Fujiyoshida City, Yamanashi: The best place to enjoy both Mt. Fuji and udon!
Looking to enjoy beautiful scenery and delicious food all in one place? Head to Fujiyoshida City in Yamanashi Prefecture! Only a 2-hour train ride from Shinjuku, you can take in the breathtaking, close-up view of Mt. Fuji, explore Sengen Shrine, and eat your fill of tasty Yoshida Udon. Yoshida Udon, selected as one of the top 100 regional cuisines by the Ministry of Agriculture, Forestry and Fisheries, is a local specialty served at over 60 udon shops in and around Fujiyoshida City alone! It’s certainly unique, but it's loved by locals and visitors alike!
【Characteristics of Yoshida Udon】
Yoshida Udon is made with water from Mt. Fuji. The noodles’ most distinctive characteristic is their firm but springy texture, which releases flavour little by little as you chew. As for the ingredients, a miso and shoyu soup base with boiled cabbage and salty-sweet horsemeat is typical. A regular-sized bowl at most shops will cost you less than 500 yen. We urge you to try the Niku Udon, the one made with horsemeat, if you get the chance!
Help yourself to a variety of free toppings! (See above photo) The crunchy bits of tempura and suridane, a ground mixture of spices, including sesame seeds, pepper, chili pepper, and Chinese chili oil, are popular choices.
Address:1936-6 Araya, Fujiyoshida City, Yamanashi
Business hours:10:00-17:00(10:00-18:00 from July-Sept.)
Closed:Open every day
【The Roots of Yoshida Udon】
In the 1930s, Fujiyoshida City prospered on the silk industry. It became custom for the men to make udon for lunch for the women who worked in the spinning rooms, to keep productivity levels high, and for the women who dealt with the silk, so their hands would stay smooth and not damage the fabric. This was the birth of Yoshida Udon.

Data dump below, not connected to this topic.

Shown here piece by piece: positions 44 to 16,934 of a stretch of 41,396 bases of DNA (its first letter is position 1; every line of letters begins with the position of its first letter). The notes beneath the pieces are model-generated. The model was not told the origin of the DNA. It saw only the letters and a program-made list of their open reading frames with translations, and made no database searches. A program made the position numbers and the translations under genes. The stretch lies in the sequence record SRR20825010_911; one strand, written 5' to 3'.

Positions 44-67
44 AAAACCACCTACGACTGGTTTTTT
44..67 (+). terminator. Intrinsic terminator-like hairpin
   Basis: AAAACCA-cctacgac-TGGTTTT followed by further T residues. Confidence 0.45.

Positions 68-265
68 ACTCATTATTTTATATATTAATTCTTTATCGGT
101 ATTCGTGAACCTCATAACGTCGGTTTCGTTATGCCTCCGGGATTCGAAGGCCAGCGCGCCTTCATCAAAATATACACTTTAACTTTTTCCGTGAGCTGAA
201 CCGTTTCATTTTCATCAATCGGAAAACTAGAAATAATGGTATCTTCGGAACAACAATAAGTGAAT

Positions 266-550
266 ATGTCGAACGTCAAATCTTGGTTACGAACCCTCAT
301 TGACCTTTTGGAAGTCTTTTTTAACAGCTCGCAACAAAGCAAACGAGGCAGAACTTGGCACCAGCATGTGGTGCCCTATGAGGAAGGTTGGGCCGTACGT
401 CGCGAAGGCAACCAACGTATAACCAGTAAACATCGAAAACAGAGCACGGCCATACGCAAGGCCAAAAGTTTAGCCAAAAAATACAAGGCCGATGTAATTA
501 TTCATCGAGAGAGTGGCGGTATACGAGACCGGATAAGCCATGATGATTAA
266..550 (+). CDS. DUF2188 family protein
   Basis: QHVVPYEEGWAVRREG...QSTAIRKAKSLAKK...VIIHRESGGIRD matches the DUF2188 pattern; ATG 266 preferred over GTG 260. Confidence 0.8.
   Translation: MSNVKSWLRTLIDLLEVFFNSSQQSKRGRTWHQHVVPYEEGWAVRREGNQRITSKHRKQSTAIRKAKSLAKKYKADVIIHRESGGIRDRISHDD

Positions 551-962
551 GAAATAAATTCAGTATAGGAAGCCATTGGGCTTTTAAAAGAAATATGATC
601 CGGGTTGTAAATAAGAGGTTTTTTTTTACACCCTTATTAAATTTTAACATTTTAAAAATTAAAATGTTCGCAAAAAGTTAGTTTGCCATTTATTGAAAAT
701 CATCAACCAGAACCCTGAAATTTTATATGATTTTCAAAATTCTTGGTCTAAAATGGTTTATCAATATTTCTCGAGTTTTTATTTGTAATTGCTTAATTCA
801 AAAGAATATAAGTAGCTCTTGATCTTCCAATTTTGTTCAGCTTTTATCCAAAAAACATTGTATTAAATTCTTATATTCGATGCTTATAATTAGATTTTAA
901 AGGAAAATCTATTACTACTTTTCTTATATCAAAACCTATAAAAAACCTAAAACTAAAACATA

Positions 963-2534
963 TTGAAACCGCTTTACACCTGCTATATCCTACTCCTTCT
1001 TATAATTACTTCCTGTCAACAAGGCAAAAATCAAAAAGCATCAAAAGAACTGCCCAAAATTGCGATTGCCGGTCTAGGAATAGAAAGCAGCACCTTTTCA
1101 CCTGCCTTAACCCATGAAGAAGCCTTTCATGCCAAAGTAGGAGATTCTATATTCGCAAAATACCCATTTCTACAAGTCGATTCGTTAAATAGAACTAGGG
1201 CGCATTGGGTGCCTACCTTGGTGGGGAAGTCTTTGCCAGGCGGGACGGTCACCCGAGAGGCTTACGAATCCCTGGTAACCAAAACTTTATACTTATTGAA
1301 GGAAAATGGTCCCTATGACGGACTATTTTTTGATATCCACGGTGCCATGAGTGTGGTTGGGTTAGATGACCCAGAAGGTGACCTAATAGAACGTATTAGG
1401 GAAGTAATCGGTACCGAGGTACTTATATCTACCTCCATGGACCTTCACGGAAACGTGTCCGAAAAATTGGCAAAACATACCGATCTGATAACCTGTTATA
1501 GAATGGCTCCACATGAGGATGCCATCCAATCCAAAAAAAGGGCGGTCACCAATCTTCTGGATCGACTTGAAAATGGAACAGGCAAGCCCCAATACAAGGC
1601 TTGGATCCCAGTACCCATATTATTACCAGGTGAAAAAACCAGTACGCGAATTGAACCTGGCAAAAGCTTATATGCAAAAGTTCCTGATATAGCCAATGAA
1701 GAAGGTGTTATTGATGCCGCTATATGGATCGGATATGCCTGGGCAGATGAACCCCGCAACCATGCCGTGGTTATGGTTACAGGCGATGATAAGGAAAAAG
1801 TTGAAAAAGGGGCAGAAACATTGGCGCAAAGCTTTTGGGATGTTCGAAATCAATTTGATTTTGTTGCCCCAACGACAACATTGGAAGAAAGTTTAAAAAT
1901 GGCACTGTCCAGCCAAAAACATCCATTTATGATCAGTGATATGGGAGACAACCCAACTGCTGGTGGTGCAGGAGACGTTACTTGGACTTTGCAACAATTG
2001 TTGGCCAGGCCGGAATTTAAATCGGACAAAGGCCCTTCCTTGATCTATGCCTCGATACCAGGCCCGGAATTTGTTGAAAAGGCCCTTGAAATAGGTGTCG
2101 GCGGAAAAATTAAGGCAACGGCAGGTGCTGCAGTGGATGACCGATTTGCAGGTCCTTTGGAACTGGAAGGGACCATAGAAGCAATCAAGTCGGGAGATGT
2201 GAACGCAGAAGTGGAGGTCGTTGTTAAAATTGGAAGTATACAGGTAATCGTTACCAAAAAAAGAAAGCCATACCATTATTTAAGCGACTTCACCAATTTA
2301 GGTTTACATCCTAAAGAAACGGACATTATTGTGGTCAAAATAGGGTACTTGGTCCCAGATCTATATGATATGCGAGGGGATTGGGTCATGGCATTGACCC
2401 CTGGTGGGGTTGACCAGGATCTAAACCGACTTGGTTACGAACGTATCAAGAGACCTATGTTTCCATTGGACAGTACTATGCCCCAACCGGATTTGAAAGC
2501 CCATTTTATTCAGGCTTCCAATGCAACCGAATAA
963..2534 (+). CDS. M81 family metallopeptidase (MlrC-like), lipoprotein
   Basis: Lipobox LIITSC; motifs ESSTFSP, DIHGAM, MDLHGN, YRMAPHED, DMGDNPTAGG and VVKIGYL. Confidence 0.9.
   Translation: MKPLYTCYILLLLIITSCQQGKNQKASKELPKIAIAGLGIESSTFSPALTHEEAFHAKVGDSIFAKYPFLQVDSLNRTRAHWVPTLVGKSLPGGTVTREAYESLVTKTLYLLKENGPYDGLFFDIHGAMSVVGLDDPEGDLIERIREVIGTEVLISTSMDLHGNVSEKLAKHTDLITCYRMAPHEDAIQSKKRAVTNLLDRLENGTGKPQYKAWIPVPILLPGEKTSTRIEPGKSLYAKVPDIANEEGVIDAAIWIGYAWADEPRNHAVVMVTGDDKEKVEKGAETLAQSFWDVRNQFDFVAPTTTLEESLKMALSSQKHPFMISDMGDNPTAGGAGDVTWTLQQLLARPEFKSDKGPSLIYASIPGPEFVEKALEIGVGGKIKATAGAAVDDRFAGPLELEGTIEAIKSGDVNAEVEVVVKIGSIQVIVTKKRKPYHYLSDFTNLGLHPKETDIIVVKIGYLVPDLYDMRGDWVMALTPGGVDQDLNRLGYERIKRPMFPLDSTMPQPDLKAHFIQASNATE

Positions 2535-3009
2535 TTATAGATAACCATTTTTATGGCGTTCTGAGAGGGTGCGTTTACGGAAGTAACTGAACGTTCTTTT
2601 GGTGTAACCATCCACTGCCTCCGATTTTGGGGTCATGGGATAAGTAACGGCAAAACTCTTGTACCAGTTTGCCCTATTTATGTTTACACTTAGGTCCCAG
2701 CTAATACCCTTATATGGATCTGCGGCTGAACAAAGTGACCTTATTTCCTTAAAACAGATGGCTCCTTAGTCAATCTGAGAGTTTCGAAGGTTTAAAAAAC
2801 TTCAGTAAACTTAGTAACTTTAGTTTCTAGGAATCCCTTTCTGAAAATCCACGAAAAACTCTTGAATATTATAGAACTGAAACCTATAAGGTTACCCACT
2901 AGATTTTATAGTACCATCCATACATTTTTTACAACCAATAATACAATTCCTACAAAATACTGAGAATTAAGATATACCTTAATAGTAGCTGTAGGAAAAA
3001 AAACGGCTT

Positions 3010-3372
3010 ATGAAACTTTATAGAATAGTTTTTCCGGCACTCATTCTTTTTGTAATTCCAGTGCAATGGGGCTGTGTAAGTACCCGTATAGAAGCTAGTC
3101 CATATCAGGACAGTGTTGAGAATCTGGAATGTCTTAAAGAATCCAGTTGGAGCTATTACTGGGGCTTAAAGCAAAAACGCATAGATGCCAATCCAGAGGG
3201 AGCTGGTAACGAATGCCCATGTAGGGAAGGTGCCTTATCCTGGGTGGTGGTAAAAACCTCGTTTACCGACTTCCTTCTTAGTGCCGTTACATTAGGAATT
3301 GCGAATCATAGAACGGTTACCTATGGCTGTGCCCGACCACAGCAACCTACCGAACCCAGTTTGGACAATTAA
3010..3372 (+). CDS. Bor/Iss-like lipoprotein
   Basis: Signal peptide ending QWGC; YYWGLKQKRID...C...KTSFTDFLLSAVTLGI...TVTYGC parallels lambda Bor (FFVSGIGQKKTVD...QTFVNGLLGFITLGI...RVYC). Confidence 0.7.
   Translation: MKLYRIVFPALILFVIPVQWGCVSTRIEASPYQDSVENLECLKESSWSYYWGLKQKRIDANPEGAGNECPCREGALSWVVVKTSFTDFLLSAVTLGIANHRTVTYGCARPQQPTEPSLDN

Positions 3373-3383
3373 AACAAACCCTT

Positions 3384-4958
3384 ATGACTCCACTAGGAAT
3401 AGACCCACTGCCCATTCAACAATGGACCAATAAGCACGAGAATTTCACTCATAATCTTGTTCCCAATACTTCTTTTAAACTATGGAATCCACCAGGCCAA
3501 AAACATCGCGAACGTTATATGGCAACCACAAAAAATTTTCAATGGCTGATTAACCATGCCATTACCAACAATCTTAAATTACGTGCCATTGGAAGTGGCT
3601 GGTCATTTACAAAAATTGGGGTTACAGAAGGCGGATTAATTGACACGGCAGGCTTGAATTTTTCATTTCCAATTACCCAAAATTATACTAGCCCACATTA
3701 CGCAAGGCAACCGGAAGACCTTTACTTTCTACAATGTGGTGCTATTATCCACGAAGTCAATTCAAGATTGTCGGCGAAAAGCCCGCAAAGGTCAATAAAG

The men kneaded the dough with all their might and added salt to give the women stamina; their method resulted in firm, springy, thick noodles. To this day, udon is still usually made by men, and their largest customer base is local salarymen. Most have a favourite shop they patronize for lunch almost daily!
Photo of Miura Udon
Left: Regular Wakame Udon (350 yen) Right: Large Niku Udon (650 yen)
Address:1-22-5 Shimoyoshida, Fujiyoshida City, Yamanashi
Closed:Wednesday (Open if it falls on a holiday)
Chilled udon is another option, but for first timers we suggest sticking with the hot variety as the firm noodles, which become even firmer when cold, take some getting used to. Make sure you come early, however, as most shops are only open for lunch, closing when they run out of noodles. They're generally open for about 2 hours.
Photo: Interior of Kitchen Kurau
While their menu focuses on udon, they offer other meal sets as well. You can order udon even at night when the shop reopens as an izakaya.
Address:5-21-5 Shimoyoshida, Fujiyoshida City, Yamanashi
Business hours:11:00-14:00, 18:00-23:00 (Izakaya hours)
Closed:Tuesday (Open if it falls on a holiday)
Keep your eyes peeled! Many of these udon shops operate out of a section of the owner's house, and many do not have signs outside. Your best bet is to do some research beforehand or ask the locals!
This site was created by local high school students. Although only in Japanese, you can find a great deal of photos, as well as detailed maps.